The jihadis meant the bomb to hurry the kids off to school, but what can you do? Collateral damage is sometimes unavoidable. “More Christian blood in Mosul, car bomb kills Christian university student,” from AsiaNews, January 8 (thanks to C. Cantoni):
Mosul (AsiaNews) – More Christian blood was shed today in Mosul, northern Iraq. A Christian university student was in fact killed by a car bomb, a day after the body of a 54-year-old Christian teacher, Shdha Elias, was found, her throat cut.
These deaths, involving members of the Christian minority, are an illustration of the rising tensions in the city and across the country as Sunnis, Shias, Arabs, Kurds and Turkmen vye for power and control.
Against a backdrop of a Kurdish president, Jalal Talabani, still in poor health after suffering a stroke last month, and persistent political uncertainty, tensions are fast rising. The inability of the central government in Baghdad to cope with terrorist attacks is not helping either.
In Mosul, the car bomb exploded this morning in front of a supermarket in al Alamia, near the city’s university, local sources told AsiaNews.
The dead man was Ayyoub Fauzi Auyyoub Al Sheikh, a Christian medical student on his last year of study. Eyewitnesses said he died instantly, and that dozens of people were wounded from the blast, which caused major material damages.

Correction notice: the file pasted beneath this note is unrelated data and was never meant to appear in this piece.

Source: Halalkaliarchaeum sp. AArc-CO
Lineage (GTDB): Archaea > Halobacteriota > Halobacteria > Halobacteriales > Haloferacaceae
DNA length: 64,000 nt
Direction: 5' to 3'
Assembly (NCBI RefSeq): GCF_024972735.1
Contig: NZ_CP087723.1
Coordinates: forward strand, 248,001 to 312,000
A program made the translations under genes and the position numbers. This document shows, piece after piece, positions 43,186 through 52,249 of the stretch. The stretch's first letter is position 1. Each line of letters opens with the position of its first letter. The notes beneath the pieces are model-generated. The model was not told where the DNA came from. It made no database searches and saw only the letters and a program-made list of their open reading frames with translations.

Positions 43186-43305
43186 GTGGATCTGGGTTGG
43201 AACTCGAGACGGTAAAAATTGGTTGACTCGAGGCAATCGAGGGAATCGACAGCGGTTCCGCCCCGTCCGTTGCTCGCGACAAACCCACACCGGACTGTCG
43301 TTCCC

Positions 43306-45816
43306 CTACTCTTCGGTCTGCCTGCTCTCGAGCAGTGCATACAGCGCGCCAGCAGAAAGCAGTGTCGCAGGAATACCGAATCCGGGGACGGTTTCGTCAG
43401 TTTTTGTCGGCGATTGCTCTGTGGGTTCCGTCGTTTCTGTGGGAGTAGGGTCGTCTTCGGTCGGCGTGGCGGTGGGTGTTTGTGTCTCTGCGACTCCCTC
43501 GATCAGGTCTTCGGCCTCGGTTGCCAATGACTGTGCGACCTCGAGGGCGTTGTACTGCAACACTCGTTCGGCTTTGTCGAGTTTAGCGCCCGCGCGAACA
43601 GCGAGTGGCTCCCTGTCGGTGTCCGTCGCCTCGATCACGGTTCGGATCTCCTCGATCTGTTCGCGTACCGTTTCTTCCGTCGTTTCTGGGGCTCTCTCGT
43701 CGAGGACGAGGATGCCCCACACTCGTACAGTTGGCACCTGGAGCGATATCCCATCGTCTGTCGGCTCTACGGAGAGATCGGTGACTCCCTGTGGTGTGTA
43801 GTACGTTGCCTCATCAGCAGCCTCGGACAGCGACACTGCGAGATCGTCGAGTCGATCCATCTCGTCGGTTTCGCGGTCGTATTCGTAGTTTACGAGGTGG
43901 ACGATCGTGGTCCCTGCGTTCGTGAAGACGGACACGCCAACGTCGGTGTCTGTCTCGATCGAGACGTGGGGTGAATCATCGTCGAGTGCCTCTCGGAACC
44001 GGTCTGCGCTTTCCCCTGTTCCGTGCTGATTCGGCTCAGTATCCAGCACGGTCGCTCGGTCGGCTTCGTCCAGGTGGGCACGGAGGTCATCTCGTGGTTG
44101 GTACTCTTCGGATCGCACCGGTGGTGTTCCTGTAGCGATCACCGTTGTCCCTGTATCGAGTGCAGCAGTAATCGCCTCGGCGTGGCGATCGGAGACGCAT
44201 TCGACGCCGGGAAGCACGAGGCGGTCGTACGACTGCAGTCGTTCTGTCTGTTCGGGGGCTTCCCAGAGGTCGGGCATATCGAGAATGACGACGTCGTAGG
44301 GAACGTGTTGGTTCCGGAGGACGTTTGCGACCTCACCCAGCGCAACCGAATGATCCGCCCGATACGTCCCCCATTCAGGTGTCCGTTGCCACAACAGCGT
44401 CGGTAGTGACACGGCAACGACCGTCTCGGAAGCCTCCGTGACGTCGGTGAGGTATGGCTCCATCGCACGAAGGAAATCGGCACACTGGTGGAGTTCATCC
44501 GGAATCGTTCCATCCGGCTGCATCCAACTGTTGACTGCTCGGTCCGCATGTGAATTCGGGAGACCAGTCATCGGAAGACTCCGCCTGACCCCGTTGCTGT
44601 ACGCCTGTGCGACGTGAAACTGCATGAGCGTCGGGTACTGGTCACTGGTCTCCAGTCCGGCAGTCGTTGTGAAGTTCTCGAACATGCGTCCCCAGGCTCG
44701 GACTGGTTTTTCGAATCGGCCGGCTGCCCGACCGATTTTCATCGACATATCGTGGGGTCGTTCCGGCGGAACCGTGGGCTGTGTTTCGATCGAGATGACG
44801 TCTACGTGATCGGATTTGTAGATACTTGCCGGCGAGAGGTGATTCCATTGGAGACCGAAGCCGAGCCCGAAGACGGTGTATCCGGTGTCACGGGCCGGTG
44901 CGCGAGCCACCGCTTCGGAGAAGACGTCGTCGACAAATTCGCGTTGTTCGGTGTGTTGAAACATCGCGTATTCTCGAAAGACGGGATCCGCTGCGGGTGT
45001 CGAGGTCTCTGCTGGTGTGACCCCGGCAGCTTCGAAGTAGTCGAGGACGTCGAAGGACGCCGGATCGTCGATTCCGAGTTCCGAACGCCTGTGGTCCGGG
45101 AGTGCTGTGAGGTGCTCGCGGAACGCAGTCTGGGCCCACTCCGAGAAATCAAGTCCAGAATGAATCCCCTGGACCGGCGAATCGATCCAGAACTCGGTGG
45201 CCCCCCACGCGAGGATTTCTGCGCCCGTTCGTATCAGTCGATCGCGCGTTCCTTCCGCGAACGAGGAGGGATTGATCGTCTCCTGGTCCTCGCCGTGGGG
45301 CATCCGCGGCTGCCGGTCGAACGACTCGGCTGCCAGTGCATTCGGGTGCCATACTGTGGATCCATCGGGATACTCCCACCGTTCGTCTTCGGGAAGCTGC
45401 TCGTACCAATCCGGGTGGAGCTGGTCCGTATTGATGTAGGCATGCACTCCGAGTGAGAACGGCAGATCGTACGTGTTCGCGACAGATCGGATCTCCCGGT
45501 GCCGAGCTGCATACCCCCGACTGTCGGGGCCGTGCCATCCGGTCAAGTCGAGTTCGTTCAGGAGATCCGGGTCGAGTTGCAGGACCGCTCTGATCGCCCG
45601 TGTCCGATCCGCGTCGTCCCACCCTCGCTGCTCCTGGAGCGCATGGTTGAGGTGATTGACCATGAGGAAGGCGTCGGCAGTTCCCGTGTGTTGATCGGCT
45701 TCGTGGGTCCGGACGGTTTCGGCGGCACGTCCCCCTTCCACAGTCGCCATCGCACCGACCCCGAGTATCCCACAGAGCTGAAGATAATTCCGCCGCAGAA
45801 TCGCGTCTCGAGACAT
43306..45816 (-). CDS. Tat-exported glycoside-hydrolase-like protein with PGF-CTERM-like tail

For the past two weeks, the atmosphere in the city has been getting worse, the more so since the local administration and the central government in Baghdad have been involved in a tug-of-war.
The city’s governor, Athil Al Nujjaifi, is a member of an Islamist party close to the Muslim Brotherhood. He is also the brother of Ussama Al Nujjaifi, speaker of the National Assembly.
“Sunnis control the cities of Anbar, Diala, Salah addin’, Tikrit, Mosul and Kirkuk with Kurdish support,” Iraq experts explained. Their alliance is in opposition to Prime Minister Nouri al Maliki, who is a Shia. Their aim is “to divide the country into enclaves.”
Minorities are the biggest losers from all this, including Christians who have no power base or group that can defend their interests.
Since the US invasion of 2003, which led to the fall of Saddam Hussein, Iraq’s Christian community lost more than half of its members.
In the case of the Christian teacher, whose body was found yesterday, other anonymous sources said that she “lived alone” and was “an easy target for criminals.” For them, she “was probably killed during a robbery.” Yesterday, after her body was recovered and prepared, she was buried right away.
In the past, Mosul saw other major Christian figures murdered, including abducted Bishop Faraj Rahho, and Fr Ragheed Ganni. (DS)